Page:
Skip to main content

Mental Health Leadership: Alison Cottrell, CEO of the Financial Services Culture Board

Mental Health Leadership: Alison Cottrell, CEO of the Financial Services Culture Board
Click to enlarge

“In the latest Leadership Series, Alison Cottrell, CEO of the Financial Services Culture Board, shares how the pandemic and events such as Black Lives Matters have changed how banks engage with employees – “employees more likely to describe their firm as ‘caring’ and ‘supportive’”

We have all, as individuals and organisations, learned new things about ourselves over the past eighteen months. While the impact of the crisis on each of us has been different, we have all had to make and adapt to changes in the way we live, socialise and work.

Within firms, this has meant new ways of communicating, taking decisions, assessing risk, managing people and using technology; primarily a reflection of the impact of Covid-19 and the requirement for many employees who could continue to work to do so from home, but also in response to other aspects of societal change such as Black Lives Matter.

The investment made in 2020 in talking with, listening to and supporting employees was evident in the results of the FSCB’s 2020 employee survey – an annual exercise that helps firms assess and manage their organisational cultures. Focusing on the banking sector and run in September of last year, the survey found an overall improvement in scores and especially on questions relating to leadership, responding to staff feedback, and personal resilience. Employees were more likely to describe their firm as ‘caring’ and ‘supportive’, and a strong sense of pride was evident in how firms had helped their customers.

These findings will not have been confined to the banking sector. In 2020, many firms will have recognised a strong sense of purpose and engagement as people pulled together to support each other and their customers. Employers also learned that they could trust their employees, and that the real challenge was persuading people to switch off from work when the office had become their dining table.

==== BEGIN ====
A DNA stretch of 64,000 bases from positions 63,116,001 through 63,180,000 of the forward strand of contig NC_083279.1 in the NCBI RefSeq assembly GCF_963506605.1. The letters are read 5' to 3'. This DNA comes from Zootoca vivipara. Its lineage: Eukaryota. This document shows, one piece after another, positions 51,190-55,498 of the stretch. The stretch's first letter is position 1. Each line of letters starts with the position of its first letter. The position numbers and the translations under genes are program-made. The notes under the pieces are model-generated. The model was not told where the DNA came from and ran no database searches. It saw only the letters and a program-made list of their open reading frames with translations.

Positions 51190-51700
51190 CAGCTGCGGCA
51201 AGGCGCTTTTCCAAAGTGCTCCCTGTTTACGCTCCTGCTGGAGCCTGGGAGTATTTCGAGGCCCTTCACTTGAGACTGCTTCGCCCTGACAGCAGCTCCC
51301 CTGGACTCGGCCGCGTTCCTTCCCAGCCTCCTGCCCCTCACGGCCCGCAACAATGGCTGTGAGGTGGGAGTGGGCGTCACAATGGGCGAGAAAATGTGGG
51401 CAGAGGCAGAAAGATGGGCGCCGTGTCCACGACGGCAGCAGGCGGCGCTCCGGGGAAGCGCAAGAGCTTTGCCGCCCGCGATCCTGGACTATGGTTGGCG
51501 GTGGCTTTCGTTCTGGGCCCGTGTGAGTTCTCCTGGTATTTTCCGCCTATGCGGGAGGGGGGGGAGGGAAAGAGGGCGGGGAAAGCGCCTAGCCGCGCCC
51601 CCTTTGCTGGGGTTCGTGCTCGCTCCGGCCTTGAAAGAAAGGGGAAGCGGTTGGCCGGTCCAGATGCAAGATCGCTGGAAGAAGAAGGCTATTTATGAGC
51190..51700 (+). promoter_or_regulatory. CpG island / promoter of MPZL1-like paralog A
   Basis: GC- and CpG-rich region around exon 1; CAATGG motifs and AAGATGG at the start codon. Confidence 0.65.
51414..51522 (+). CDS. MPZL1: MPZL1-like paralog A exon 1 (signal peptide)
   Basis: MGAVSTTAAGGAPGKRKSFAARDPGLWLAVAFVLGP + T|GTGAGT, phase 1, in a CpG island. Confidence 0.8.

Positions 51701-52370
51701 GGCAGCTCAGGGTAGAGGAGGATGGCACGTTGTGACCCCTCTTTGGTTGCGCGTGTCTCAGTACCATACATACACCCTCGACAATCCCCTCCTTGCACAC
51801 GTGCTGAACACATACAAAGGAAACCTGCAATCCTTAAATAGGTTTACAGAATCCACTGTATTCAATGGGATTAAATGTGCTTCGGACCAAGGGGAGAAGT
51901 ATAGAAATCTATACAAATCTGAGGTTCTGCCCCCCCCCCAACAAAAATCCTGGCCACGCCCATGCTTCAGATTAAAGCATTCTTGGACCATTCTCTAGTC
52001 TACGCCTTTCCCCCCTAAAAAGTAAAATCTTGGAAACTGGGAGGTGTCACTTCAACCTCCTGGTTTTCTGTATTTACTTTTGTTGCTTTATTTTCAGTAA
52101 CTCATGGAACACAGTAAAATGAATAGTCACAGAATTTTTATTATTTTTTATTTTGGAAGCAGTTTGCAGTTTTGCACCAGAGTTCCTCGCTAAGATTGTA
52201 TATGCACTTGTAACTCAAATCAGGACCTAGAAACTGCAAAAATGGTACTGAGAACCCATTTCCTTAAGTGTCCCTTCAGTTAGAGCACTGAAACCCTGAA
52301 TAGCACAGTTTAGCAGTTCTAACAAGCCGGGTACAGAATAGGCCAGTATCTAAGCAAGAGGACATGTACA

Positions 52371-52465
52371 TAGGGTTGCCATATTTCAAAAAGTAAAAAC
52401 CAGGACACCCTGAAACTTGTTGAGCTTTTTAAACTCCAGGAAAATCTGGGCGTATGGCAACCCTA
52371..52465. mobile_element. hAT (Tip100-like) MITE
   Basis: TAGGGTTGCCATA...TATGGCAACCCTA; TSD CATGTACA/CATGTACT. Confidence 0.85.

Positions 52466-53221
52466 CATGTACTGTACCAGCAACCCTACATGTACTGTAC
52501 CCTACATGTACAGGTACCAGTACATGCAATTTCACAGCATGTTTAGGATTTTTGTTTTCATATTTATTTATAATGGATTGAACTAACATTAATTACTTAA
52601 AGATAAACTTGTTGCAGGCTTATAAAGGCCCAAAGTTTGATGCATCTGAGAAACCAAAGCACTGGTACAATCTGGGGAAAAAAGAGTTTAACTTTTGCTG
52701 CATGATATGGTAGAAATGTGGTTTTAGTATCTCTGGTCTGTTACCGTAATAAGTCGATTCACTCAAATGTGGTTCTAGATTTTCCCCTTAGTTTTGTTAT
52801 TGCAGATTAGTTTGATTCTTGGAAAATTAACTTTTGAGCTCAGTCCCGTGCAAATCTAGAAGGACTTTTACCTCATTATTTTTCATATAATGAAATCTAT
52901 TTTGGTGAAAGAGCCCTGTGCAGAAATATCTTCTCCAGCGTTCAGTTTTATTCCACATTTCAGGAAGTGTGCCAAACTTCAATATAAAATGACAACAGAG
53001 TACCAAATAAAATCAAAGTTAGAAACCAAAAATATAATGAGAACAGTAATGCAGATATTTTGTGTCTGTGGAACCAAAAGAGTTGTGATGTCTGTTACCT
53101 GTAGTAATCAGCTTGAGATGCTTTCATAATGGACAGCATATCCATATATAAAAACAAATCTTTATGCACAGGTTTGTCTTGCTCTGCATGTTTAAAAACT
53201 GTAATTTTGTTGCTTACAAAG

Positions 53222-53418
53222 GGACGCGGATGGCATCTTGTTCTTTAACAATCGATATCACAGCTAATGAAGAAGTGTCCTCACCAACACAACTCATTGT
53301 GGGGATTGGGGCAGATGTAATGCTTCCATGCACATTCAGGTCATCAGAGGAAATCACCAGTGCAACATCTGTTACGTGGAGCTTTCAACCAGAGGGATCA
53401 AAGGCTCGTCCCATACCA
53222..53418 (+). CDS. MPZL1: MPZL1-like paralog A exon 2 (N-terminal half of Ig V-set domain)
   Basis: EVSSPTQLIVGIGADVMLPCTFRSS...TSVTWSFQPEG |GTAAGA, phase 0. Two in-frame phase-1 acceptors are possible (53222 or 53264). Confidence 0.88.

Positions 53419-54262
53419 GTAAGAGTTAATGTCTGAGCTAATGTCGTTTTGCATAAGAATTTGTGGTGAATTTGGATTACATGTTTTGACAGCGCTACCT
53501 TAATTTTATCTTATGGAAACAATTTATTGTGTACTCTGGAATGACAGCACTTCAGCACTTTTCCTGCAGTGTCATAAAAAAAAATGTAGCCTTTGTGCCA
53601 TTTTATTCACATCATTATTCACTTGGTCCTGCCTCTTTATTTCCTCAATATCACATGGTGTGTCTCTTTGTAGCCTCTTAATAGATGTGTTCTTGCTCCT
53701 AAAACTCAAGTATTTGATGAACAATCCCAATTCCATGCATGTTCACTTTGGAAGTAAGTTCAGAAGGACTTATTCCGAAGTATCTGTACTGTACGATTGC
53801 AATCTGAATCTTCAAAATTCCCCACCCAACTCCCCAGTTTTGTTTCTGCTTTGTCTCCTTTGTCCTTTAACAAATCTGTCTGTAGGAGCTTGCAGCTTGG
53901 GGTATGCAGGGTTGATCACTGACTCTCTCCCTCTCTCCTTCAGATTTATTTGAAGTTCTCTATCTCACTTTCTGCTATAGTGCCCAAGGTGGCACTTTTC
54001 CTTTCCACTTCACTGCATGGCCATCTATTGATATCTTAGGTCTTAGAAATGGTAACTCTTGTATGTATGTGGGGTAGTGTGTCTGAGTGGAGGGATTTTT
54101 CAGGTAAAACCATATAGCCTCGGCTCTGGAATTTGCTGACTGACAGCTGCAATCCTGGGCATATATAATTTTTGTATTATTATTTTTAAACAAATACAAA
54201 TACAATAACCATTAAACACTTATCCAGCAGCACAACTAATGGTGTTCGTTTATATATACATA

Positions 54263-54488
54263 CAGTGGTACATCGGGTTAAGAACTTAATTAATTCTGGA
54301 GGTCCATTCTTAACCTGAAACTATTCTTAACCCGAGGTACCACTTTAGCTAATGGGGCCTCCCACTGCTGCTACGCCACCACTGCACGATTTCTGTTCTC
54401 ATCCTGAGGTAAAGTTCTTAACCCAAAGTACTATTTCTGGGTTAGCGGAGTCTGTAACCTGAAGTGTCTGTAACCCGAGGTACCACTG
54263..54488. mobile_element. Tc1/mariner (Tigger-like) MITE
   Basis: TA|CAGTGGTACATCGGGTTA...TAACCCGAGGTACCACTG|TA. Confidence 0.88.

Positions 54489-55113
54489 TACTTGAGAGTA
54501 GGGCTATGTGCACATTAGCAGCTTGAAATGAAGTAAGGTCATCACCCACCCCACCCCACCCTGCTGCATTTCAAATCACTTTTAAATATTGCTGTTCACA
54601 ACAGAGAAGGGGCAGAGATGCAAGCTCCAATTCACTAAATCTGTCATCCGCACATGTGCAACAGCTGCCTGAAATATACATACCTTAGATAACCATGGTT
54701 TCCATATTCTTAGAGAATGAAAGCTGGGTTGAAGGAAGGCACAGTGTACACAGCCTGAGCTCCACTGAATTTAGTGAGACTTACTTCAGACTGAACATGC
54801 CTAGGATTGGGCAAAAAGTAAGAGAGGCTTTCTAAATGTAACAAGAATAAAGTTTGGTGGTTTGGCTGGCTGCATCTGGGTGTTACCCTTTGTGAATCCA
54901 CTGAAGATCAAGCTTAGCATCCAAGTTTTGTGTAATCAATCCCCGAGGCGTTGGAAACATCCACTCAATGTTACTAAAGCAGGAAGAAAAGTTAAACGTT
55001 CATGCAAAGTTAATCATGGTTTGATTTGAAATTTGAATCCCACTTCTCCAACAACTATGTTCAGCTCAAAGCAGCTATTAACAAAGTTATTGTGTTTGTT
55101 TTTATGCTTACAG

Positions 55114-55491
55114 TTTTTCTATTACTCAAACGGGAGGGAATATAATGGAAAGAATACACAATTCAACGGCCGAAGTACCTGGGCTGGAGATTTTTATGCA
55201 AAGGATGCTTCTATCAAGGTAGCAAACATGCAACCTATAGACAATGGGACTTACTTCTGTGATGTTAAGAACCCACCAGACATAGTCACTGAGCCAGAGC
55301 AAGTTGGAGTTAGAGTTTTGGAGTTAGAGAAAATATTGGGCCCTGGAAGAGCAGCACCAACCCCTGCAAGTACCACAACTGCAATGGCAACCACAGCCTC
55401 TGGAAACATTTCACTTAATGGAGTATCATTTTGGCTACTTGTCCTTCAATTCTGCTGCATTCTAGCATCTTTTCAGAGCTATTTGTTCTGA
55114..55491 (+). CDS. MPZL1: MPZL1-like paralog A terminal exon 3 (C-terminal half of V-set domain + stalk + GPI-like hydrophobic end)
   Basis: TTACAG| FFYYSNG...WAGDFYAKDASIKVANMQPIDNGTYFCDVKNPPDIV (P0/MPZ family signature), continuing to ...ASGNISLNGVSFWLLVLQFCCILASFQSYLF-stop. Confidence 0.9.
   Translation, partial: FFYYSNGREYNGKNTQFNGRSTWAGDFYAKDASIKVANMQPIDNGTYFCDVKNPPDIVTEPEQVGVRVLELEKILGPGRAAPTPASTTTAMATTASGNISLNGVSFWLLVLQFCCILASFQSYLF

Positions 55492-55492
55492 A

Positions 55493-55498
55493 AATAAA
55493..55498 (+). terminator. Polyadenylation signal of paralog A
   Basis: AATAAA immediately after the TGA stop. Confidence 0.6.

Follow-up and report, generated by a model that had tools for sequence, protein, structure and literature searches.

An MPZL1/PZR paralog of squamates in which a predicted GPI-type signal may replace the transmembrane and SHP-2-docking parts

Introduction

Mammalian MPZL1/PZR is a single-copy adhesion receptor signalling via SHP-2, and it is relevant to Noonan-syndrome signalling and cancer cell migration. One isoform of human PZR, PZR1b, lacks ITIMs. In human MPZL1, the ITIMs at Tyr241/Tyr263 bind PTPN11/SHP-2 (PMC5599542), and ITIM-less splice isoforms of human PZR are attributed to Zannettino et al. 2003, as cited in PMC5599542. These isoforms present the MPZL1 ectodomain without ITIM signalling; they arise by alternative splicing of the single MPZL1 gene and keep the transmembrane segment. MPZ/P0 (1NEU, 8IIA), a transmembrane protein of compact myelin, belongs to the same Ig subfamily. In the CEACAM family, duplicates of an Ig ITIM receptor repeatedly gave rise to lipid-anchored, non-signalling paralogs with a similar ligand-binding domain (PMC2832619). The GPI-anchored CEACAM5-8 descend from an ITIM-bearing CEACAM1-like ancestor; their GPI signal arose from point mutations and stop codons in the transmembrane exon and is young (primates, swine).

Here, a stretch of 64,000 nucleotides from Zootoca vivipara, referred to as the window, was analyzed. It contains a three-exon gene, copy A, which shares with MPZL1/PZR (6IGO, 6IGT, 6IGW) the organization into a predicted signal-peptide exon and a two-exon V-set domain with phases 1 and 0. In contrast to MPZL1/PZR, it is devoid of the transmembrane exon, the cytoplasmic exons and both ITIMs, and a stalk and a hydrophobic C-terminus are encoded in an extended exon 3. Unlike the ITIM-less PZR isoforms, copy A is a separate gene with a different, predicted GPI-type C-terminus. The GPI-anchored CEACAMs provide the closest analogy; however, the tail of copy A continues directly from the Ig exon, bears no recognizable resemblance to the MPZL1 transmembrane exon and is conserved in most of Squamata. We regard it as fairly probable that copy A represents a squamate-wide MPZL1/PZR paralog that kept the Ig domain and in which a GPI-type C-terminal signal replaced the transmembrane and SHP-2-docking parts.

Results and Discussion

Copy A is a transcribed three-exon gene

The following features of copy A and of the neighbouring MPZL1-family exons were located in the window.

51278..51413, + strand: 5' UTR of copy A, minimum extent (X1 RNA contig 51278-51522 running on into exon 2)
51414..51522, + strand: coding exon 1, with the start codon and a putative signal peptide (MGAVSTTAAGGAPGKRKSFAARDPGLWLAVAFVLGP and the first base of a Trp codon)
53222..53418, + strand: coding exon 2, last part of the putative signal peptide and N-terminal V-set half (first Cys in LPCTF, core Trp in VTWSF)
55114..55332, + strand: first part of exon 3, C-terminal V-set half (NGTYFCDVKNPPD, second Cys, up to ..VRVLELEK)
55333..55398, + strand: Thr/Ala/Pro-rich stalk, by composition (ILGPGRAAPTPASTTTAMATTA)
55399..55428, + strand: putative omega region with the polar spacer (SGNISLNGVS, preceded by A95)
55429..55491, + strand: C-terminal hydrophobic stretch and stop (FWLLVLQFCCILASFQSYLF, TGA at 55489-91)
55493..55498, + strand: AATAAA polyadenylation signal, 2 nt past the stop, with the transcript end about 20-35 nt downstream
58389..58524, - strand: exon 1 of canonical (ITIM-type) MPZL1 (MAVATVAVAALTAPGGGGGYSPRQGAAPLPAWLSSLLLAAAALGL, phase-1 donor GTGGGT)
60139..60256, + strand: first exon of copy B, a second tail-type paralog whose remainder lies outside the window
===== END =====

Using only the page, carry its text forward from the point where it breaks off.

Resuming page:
Last September already feels, of course, to be a long time ago. Were these results a blip, or the start of something more sustainable? Our 2021 survey, currently in progress, will offer clues. What is clear, however, is that the changes instigated by the pandemic – in particular, with respect to the feasibility of large-scale hybrid working – have some way yet to run. This offers new opportunities for leaders, managers, and all of us in the workplace with, among other changes, increased flexibility and less commuting; but businesses must also recognise the potential challenges.

  • For leaders, maintaining a sense of fairness and organisational justice in the context of change will be key. Perceived unfairness within a firm is corrosive, with implications not only for behaviour and retention but also for health. We have learned in the pandemic to work in different ways and developed new habits and preferences. As flexibility returns, not being able to exercise choice in how and where we work – especially if others can – may easily feel unfair.
  • For managers, hybrid working puts an even greater premium on good communication skills; not just in conveying information, but also in seeking and receiving it. This is particularly relevant when it comes to picking up early signs of stress or other health concerns. If conversation is primarily over a screen, the body language may be lost that would contradict the ready assertion that everything is fine.
  • And for all of us, a working pattern in which less of our time is spent in shared workspace will affect how we build links – social capital – with people we do not routinely see. This matters not only for those early in their roles or careers, or from a productivity perspective, but also for mental health and wellbeing. After a difficult call, meeting or day, talking with colleagues can help keep things in perspective. This can of course happen remotely (and the opportunity to work from home offers many benefits, including for health and wellbeing), but a lack of physical proximity may mean that it is less readily to hand. Social capital is not just career scaffolding; it is also a support structure, and one where a little active maintenance by all of us can go a long way.  

Businesses continue to face uncertainty and challenges. But if they continue to hold on to engagement with their employees and be supportive of their wellbeing, that could go help businesses to ride out future storms.